I hesitate to make any statements without chapter and verse to back it up, but I believe in Paul Oliver's Savannah Syncopators he talks about traditional African musicians playing stringed instruments and plucking the strings with fingers and thumb. Now, of course, this was in the 1960s so they could have learned it from Mose Rager, too, but they were playing on gourd instruments more akin to the banyo. I'm inclined to think your original thought in this direction was correct, Michael, at least to some extent. African American slaves who had an aptitude for music were often pressed into service as musicians and could very well have contributed to the general technique, all at a much earlier time. As, I said, this is from memory. Anyone really interested could find a copy and look it up. Mine is currently packed away.
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Muddyroads

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Re: Country fingerpicking - evolution of a style?
« Reply #8 on: June 08, 2005, 05:40:26 AM »
You can't look at a style of performance outside of its cultural context.  The influence of parlor styles of guitar, the existence of ragtime as apopular musicla style,  and the drive to provide a dancible beat like a piano player, were all influential to the development of "country style" fingerpicking guitar.  The truth is wel are looking at a small and somewhat random sampling of much larger population of guitar players that included many who were never recorded or documented.  Bear in mind, many early artists did not want to record thier work as they were afraid that it would be "stolen"   by those who had access to it.  This ability to play music was considered a rare and valuable talent. It was the enticement of promised riches, higher viability and other  factors that  lead these folks to become known commercial artists, or legendary figures.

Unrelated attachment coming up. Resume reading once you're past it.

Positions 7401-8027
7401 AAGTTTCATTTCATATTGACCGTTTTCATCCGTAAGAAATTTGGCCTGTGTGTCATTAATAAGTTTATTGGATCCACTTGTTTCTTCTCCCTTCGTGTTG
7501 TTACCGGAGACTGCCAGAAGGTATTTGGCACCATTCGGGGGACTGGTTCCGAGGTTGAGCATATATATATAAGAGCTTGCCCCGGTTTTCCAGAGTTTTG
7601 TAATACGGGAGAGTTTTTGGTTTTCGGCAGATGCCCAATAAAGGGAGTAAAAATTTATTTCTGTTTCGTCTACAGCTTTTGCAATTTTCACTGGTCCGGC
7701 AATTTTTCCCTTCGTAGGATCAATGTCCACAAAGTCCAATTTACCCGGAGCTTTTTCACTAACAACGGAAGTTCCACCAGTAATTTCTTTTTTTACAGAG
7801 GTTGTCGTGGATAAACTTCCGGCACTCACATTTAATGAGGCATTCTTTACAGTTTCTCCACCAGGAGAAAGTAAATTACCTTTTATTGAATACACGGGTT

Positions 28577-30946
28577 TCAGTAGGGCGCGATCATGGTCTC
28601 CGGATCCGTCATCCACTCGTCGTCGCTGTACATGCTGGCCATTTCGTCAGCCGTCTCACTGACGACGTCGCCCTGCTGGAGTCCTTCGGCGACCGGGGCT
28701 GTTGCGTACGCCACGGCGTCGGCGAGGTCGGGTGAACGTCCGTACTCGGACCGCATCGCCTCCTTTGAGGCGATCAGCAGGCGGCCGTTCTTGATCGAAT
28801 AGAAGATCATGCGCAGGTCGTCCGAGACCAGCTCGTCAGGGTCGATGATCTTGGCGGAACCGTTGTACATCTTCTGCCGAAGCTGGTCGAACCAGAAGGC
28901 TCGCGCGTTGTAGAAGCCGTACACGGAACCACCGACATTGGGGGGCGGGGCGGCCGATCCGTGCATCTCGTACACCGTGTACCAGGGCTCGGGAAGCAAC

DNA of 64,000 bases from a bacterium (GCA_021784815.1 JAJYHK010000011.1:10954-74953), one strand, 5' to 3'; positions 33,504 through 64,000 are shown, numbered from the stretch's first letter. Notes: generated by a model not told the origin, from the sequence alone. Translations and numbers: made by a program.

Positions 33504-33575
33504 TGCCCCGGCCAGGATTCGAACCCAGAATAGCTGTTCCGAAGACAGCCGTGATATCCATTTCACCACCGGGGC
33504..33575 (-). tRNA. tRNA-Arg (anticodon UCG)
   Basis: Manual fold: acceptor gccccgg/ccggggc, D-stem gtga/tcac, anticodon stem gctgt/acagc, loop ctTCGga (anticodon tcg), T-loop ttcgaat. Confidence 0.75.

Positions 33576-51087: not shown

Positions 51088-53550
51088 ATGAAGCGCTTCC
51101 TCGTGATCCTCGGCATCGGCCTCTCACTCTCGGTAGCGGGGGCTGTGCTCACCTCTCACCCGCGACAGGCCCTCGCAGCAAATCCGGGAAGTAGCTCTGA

In some cases Arnold Shultz and Mose  Rager have taken on legendary status with little or no known documented facts about them.  They reside in lore and legend more than in some vast repository of recorded or annotated music.  How many others who were as accomplished as these two throughout the south?  How many great guitarists were  never recorded or were never know outside of their home area?  How many great musicians have you known personally that have never pursued music as a career but still had a small sphere of influence?

When seen in this context, it is very unlikely that much of anything happened  spontaneously or from extraterrestrial sources.  Pop culture existed and disseminated information quite well 150 years go, just not at the speed with which it conducts itself today.